written February 2015
What Axel Landon’s birth certificate, dated July 4, 1876, did not say, was that its existence , as well as Axel’s, was the result of a fifteen minute ya’tun between Jackson Landon and pretty, butter scotch-haired Sylvia Morton, Pinefield’s lone, sixteen-year old prostitute.
The miracle of life.
If the Pinefield Town Council kept astronomically accurate records of all financial transactions within its borders, with the ability to then weigh every purchase against the amount of good that each ultimately brought into the world, it would have been discovered that the five dollar note Jackson Landon spent siring his son on the second floor of the Golden Goose Hotel would be deemed the most cost-effective purchase ever conducted in Pinefield.
Such pristine bookkeeping rarely exists, of course. What do exist, however, are only two other accounts that corroborate Sylvia Morton was once a human being at all.
A sixty-seven year old Deacon of the Second Presbyterian Church, named Sven Pearson, can be credited with the first. In 1901 Sven would discover, folded within the 2 Kings portion of a Bible that resided in the front pew and was thus rarely used, a yellowed paper with the handwriting of a seven-year old Sylvia, still nine years away from her quarter-hour with Jackson Landon.
What a waste of a perfectly good garden! You would think they could stick around past the first page, at least. It reminds me of Mama always sighing, watching from our parlor window dusty Easterners streaming through town towards Iowa, saying to no one in particular, “Since Eden —always on the move!”
April 11, 1867
On the reverse side of the scrap of paper Deacon Sven could just make out, in a rushed hand, a final thought that seems to have just occurred to young Sylvia:
Dear God Above,
I would very much wish to devote my life to the natural sciences. Amen.
A Pile of Rocks
The third and final proof that Sylvia Morton once drew breath is a crude, rectangular slab of Mesozoic geology jutting out of a grassy slope within Pinefield Cemetery.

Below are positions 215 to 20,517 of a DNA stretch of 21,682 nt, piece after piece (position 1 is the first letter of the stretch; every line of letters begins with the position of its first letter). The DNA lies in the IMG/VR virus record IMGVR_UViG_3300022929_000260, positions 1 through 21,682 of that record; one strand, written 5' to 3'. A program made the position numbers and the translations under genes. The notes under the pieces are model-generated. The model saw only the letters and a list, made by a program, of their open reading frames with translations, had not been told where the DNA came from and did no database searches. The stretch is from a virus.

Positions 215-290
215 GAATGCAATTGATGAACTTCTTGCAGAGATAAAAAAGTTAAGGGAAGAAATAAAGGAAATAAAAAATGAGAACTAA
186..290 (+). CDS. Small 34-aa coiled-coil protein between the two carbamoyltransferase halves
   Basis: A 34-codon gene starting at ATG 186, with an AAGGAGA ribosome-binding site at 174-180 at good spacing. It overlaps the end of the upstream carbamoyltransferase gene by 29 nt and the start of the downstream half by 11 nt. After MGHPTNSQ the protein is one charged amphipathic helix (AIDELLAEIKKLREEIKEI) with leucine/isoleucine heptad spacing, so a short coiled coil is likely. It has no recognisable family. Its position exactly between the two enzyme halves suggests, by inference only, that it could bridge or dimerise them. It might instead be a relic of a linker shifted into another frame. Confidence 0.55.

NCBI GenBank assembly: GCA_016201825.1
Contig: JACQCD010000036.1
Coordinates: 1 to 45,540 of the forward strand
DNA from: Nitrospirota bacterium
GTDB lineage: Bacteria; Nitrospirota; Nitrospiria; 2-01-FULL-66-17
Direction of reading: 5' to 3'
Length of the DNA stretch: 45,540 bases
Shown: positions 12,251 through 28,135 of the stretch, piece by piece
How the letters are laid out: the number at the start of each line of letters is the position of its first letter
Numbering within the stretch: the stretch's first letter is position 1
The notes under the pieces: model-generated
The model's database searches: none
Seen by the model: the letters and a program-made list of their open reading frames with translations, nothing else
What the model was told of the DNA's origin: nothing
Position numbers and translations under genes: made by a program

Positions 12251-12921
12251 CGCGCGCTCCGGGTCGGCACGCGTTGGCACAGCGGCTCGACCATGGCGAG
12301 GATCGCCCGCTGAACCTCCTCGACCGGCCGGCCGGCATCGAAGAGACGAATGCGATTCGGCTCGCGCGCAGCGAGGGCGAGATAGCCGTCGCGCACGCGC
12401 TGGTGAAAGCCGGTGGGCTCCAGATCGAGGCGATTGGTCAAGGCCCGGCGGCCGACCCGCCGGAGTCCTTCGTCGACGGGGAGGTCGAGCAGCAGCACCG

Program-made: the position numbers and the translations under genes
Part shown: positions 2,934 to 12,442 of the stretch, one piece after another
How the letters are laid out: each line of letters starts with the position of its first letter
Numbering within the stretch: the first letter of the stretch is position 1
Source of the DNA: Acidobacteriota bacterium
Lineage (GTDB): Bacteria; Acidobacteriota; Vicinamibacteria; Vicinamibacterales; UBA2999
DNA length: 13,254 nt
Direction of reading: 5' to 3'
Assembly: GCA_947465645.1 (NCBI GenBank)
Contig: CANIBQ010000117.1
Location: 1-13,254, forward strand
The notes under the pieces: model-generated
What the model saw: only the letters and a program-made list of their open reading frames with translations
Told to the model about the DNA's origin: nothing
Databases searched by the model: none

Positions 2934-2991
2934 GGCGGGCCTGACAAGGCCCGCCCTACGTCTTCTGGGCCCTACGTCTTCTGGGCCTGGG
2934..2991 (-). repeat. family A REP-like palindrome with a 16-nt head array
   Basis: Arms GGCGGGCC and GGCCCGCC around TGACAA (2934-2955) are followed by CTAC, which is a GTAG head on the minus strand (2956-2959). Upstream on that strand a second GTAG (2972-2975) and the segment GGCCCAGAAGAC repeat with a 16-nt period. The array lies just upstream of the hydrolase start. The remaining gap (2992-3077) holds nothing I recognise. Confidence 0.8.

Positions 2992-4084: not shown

The rock itself, a fine piece of Oregon marble, was once attached to a mountain-sized slab of Mesozoic geology named Clark Point, situated majestically overlooking the Pacific Ocean.
Sylvia’s portion of mountain was dragged two-thirds across what would become the United States by Cotton Sanders, an unusually brawny Rhode Islander and member of Meriwether Lewis and William Clark’s 7,689-mile Louisiana test-drive.
Because Sylvia Morton was still nonexistent during their return trek in 1806, Cotton Sanders did not lug her future tombstone from Oregon to commemorate her eventual re-nonexistence. Rather, it was to be carved down further into an even smaller rock, in the form of a statue depicting Thomas Jefferson. If Tanowkans had had a word for “statue,” it would have been tau’pan; since the need for a statue had never occurred to a Tanowkan, the word tau’pan was never created.
The Oregon-derived tau’pan of Thomas Jefferson was never created either.
The tau’pan was never made because mighty Cotton Sanders was destined to collapse of exertion, like a pile of rocks,immediately after pulling his cargo upon the east bank of the Mississippi.
“Well how will our President Tom ever be remembered now?” Cotton supposedly gulped weakly, with great concern in his voice, looking over all of Illinois before him, and the rest of the United States still to go to boot.
He then expired.Poof.
Where Cotton is now is anybody’s guess.
The same fate did not befall Sylvia Morton,the pretty prostitute and mother of forgotten filmmaker Axel Landon. Seventy-two inches above her in Pinefield Cemetery— beyond an 1876 bastard birth certificate and a Biblical note to God to be a practitioner of biology the only other record we have— is the scant inscription:
Entrepreneur of the Heart